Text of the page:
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Friday’s Headlines From Around the Nation

    • Density may have helped coronavirus spread in cities, but don’t forget its strengths: culture, better transit and affordable housing, not to mention modern sanitation that’s prevented other pandemics, hospitals and walkability that encourages better health. (New York Times)
    • Biking is the best way to get around while social distancing, and the cities that realize it are continuing to build bike lanes and protecting bike shops from closure. (City Lab)
    • Uber and Lyft got a bailout from the coronavirus stimulus bill in the form of having taxpayers pick up unemployment benefits for their exploited workers (Streetsblog USA). But the good news is that New York's top court granted those "independent contractors" rights as real employees (Newsday).
    • More from Streetsblog: U.S. car traffic dropped 30 percent in the past month, and that’s helped trucks deliver essential goods more quickly than ever. Biking can help flatten the curve – If space previously set aside for cars is given over to bikes. 
    • Cities need to remake their regulations for the micromobility revolution. (Governing)
    • E-scooters make it easier for people to use public transportation. That’s because most people will only walk 10 minutes to a bus or train stop, but they can cover a lot more ground on a scooter in that amount of time (CoMotion). How do e-scooter companies know how many devices to put on the ground? The senior vice president of data at Bird explains (Smart Cities Dive). So why are e-scooter companies pulling out of cities when people need them now more than ever? (Bloomberg)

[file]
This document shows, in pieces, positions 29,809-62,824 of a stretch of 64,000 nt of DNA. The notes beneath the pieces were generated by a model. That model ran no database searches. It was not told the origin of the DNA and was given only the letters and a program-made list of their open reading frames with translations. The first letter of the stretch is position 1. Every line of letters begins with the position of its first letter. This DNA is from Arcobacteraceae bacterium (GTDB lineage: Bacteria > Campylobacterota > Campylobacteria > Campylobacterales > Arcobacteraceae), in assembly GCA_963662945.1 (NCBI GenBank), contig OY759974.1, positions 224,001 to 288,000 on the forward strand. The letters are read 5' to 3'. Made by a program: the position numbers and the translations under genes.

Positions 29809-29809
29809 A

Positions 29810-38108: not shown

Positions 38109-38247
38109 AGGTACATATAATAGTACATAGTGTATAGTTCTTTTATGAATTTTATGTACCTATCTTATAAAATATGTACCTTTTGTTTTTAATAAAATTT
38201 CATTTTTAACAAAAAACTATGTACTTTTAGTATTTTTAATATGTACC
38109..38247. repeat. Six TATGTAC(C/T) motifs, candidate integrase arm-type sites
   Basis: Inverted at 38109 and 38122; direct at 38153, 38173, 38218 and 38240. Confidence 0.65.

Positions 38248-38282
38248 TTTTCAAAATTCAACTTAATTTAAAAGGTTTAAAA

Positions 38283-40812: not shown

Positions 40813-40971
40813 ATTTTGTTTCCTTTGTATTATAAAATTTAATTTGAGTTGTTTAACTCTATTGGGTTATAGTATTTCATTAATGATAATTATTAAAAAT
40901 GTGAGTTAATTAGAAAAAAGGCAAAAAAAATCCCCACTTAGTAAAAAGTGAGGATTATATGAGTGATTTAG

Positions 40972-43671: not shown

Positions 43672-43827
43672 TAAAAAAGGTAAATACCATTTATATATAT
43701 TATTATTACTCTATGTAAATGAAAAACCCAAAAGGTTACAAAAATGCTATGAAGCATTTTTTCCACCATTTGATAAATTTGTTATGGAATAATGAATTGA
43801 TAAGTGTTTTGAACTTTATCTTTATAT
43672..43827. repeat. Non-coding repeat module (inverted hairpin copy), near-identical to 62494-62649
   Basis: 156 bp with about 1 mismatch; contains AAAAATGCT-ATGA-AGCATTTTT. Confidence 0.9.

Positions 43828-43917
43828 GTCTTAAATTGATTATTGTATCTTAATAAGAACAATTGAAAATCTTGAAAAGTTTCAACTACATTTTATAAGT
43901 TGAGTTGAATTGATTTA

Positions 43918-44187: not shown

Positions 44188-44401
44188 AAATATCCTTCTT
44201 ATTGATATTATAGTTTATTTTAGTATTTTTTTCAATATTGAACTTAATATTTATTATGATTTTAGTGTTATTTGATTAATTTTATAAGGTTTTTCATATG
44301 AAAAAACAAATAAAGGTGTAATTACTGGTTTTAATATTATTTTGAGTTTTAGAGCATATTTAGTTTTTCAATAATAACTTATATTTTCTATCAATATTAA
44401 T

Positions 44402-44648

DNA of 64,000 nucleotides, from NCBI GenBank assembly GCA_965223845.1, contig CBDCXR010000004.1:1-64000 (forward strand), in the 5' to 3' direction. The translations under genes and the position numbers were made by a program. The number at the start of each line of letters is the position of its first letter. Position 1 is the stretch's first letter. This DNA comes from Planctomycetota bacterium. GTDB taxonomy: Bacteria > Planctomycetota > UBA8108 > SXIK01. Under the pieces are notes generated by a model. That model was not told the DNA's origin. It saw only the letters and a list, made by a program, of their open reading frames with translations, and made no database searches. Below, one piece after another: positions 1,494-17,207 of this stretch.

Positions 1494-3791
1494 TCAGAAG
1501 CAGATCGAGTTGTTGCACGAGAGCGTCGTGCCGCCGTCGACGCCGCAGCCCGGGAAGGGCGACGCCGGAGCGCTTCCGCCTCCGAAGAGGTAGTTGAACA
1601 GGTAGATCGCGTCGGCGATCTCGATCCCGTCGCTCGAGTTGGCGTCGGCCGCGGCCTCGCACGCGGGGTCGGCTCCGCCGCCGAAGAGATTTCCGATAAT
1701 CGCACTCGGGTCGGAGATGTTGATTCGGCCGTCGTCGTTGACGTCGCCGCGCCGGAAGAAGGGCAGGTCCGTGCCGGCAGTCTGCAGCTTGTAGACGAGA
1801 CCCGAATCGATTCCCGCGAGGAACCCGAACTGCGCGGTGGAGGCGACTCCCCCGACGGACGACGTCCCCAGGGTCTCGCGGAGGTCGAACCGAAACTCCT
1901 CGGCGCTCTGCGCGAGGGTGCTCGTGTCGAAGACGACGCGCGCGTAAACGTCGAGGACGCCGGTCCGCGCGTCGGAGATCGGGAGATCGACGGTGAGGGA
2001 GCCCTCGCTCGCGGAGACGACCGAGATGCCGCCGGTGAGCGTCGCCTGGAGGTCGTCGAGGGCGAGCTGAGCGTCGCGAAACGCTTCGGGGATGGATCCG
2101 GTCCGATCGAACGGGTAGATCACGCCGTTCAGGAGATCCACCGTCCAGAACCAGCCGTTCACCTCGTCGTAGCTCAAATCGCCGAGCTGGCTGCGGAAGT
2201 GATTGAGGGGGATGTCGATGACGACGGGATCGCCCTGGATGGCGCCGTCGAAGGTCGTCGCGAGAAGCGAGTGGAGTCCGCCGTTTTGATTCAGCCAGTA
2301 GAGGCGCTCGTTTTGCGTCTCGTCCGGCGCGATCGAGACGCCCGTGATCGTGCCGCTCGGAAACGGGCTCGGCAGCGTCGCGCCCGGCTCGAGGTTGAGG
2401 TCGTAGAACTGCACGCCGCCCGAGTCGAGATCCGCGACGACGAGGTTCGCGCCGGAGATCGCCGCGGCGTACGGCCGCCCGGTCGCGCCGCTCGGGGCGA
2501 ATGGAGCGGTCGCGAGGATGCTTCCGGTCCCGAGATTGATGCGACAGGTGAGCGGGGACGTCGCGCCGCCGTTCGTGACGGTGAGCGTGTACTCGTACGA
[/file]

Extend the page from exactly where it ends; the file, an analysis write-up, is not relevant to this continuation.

• Brightline has suspended passenger rail service in South Florida and laid off 250 people due to coronavirus. But publicly owned Tri-Rail and Metrorail are still running. (Miami Herald)
    • Meanwhile, Xpress West — owned by Virgin Trains USA, the same company that owns the Brightline — is moving forward with plans for high-speed rail from California to Las Vegas. (L.A. Times)
    • Houston, though, is slowing down on $7 billion plans to expand transit as officials keep an eye on the fiscal fallout from COVID-19. (Chronicle)
    • The D.C. Metro is indefinitely closing 19 stations to save dwindling cleaning supplies and protect employees from coronavirus exposure. (Washington Post)
    • Toronto and Vancouver are doing what other cities should do and thinking about closing down streets to increasingly nonexistent cars to allow for more social distancing.  (Globe and Mail)

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